Furthermore, RAS is associated with cancer-related signaling pathways. AT1 receptor is expressed in several human cancer cell lines including pancreatic and prostate cancer cell lines [46, 47] and in a subpopulation of ER-positive, ERBB2-negative breast cancer cases [48], and ARB treatment suppressed AT1 receptor-positive cancer cell proliferation and tumor growth. The growth of tumor cells engrafted in AT1a receptor-deficient mice was reduced, accompanied by reduction in tumor-related angiogenesis [49]. Ang II induced the proliferation of myeloid progenitor cells in the spleen in a mouse model of lung adenocarcinoma, thereby supplying tumor-associated macrophages to promote tumor development [50]. These findings indicate that RAS signaling plays an important role in tumor growth and progression through inducing tumor cell proliferation, tumor-associated angiogenesis, and tumor-associated macrophage expansion.

RAS in physiological aging process

RAS blockade has been shown to suppress the deleterious effects during the physiological aging process in rodents. The administration of an ACE inhibitor or ARB to CF1 mice or Wistar rats led to a prolongation of life span, which was associated with a decrease in cardiac and renal fibrosis [51, 52]. CF1 mice treated with enalapril, but not with propranolol, nifedipine, or hydrochlorothiazide, revealed protection from organ damage associated with aging and prolonged life span, even though these drugs induced similar hypotensive effects [53]. Therefore, RAS inhibitor regulates life span independently of blood pressure-lowering effect. AT1a receptor-deficient mice also exhibited a prolongation of life span, which was accompanied by less cardiac hypertrophy and fibrosis [10]. The accumulation of oxidative stress caused by ROS substantially contributes to the aging process [54]. The treatment with an ACE inhibitor was associated with a decrease in apoptosis and the suppression of aging-related decrease in mitochondrial number and mitochondrial superoxide dismutase in murine cardiomyocytes [51, 55]. AT1a receptor-deficient mice showed less oxidative damage in the heart and kidney and prevention of aging-related loss of mitochondria in the kidney [10]. In addition, genetic disruption of AT1a receptor induced an increase in expression levels of Nampt and Sirt3 in the kidneys of aging mice [10]. In a nutrient-deprived environment, increased expression of Nampt leads to the accumulation of its biosynthetic product nicotinamide adenine dinucleotide (NAD+) in mitochondria, which in turn activates mitochondrial sirtuin 3 (SIRT3) [56]. SIRT3 is a NAD+-dependent deacetylase that protects against stress-mediated cell death. These findings demonstrate that inhibition of RAS promotes longevity, possibly through attenuation of oxidative stress and up-regulation of prosurvival genes.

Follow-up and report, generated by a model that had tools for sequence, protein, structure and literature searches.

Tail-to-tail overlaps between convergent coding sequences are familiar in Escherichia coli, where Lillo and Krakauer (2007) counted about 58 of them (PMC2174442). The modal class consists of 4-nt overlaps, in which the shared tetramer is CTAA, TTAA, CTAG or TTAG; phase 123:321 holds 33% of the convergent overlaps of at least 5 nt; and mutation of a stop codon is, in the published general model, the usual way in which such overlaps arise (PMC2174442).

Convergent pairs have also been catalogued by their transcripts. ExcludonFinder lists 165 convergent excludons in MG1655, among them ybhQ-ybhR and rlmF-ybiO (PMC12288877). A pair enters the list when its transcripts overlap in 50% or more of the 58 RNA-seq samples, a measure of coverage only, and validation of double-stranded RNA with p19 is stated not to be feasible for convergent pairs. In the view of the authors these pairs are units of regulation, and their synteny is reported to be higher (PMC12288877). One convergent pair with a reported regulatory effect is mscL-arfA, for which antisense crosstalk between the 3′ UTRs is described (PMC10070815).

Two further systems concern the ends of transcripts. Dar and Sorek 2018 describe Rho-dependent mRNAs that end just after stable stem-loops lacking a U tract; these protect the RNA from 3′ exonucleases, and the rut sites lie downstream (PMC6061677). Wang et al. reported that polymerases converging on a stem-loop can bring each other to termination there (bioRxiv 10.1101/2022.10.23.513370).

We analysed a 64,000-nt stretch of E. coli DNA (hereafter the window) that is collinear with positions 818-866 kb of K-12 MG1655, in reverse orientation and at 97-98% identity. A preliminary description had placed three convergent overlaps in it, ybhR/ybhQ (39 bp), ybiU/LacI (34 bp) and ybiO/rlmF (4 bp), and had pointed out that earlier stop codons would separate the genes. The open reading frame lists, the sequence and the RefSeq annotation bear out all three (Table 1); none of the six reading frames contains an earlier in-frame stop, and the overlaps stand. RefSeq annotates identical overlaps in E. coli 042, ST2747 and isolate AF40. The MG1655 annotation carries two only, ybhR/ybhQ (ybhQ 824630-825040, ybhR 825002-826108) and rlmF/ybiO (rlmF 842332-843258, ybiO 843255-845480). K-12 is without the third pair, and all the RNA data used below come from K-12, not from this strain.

We have recently reported that AT1a receptor-deficient mice showed less severe aging-related phenotypes in other tissues as well, such as functional decline in skeletal muscle [15]. RAS blockade can prevent aging-related sarcopenia. It has been demonstrated that elderly persons with hypertension taking ACE inhibitors had lower decline in muscle strength and larger muscle mass of the lower extremities than users of other antihypertensive drugs [57, 58]. In aged mice, ARB treatment protected against disuse atrophy of skeletal muscle [59]. One of the hallmarks of aging is a decline in the regenerative capacity of skeletal muscle following injury. ARB treatment led to histological improvement in skeletal muscle regeneration after laceration in mice [60]. ARB inhibited transforming growth factor-β (TGF-β) signaling and thereby attenuated TGF-β-mediated impairment of muscle regeneration in mice with myopathy [61]. In addition, Ang II may have direct anti-proliferative effects on satellite cells, which are crucial for skeletal muscle growth and regeneration, via AT1 receptor [62]. We have shown that treatment with an ARB restored skeletal muscle function assessed by treadmill test after cryoinjury in mice [15]. ARB-treated mice showed an increase in satellite cell population, enhanced regeneration of myofibers, and decreased fibrosis in cryoinjured skeletal muscle. Taken together, RAS can be targeted to protect against deleterious effects associated with aging process and promote longevity.

Relationship between RAS and Wnt signaling in aging

Wnt proteins initiate signaling cascade on binding to Frizzled receptor and low-density lipoprotein receptor-related protein (LRP) 5/6 coreceptor, which leads to stabilization of cytosolic β-catenin [12, 63]. Then, translocating to nucleus, β-catenin activates target gene transcription. It has been demonstrated that canonical Wnt/β-catenin signaling is also involved in the aging process. Wnt/β-catenin signaling activity was enhanced in multiple tissues of a klotho-deficient mouse model of accelerated aging [64]. Wnt treatment attenuated skeletal muscle regeneration in young mice, and inhibition of canonical Wnt signaling restored the impairment of muscle regeneration in aged mice [13]. Moreover, Wnt/β-catenin signaling was augmented in skeletal muscle satellite cells exposed to the serum of aged mice, indicating that components of aged serum contributed to the aging-related activation of Wnt signaling [13]. Complement C1q has recently been identified as an activator of Wnt/β-catenin signaling independently of Wnt [14]. C1q activates canonical Wnt/β-catenin signaling through binding to Frizzled receptor and inducing C1s-dependent cleavage of LRP6 coreceptor. Macrophages are major cells that secrete C1q [65]. Aging mice have increased serum and tissue levels of C1q and enhanced Wnt signaling activity [14]. C1q treatment stimulated fibroblast proliferation and collagen synthesis but suppressed satellite cell proliferation in skeletal muscle, and promoted aging-related impairment of skeletal muscle regeneration through activation of Wnt/β-catenin signaling [14]. C1q was secreted from macrophages recruited to the aorta in Ang II-infused mice, and C1q-mediated activation of Wnt/β-catenin signaling induced proliferation of vascular smooth muscle cells and promoted arterial remodeling [66].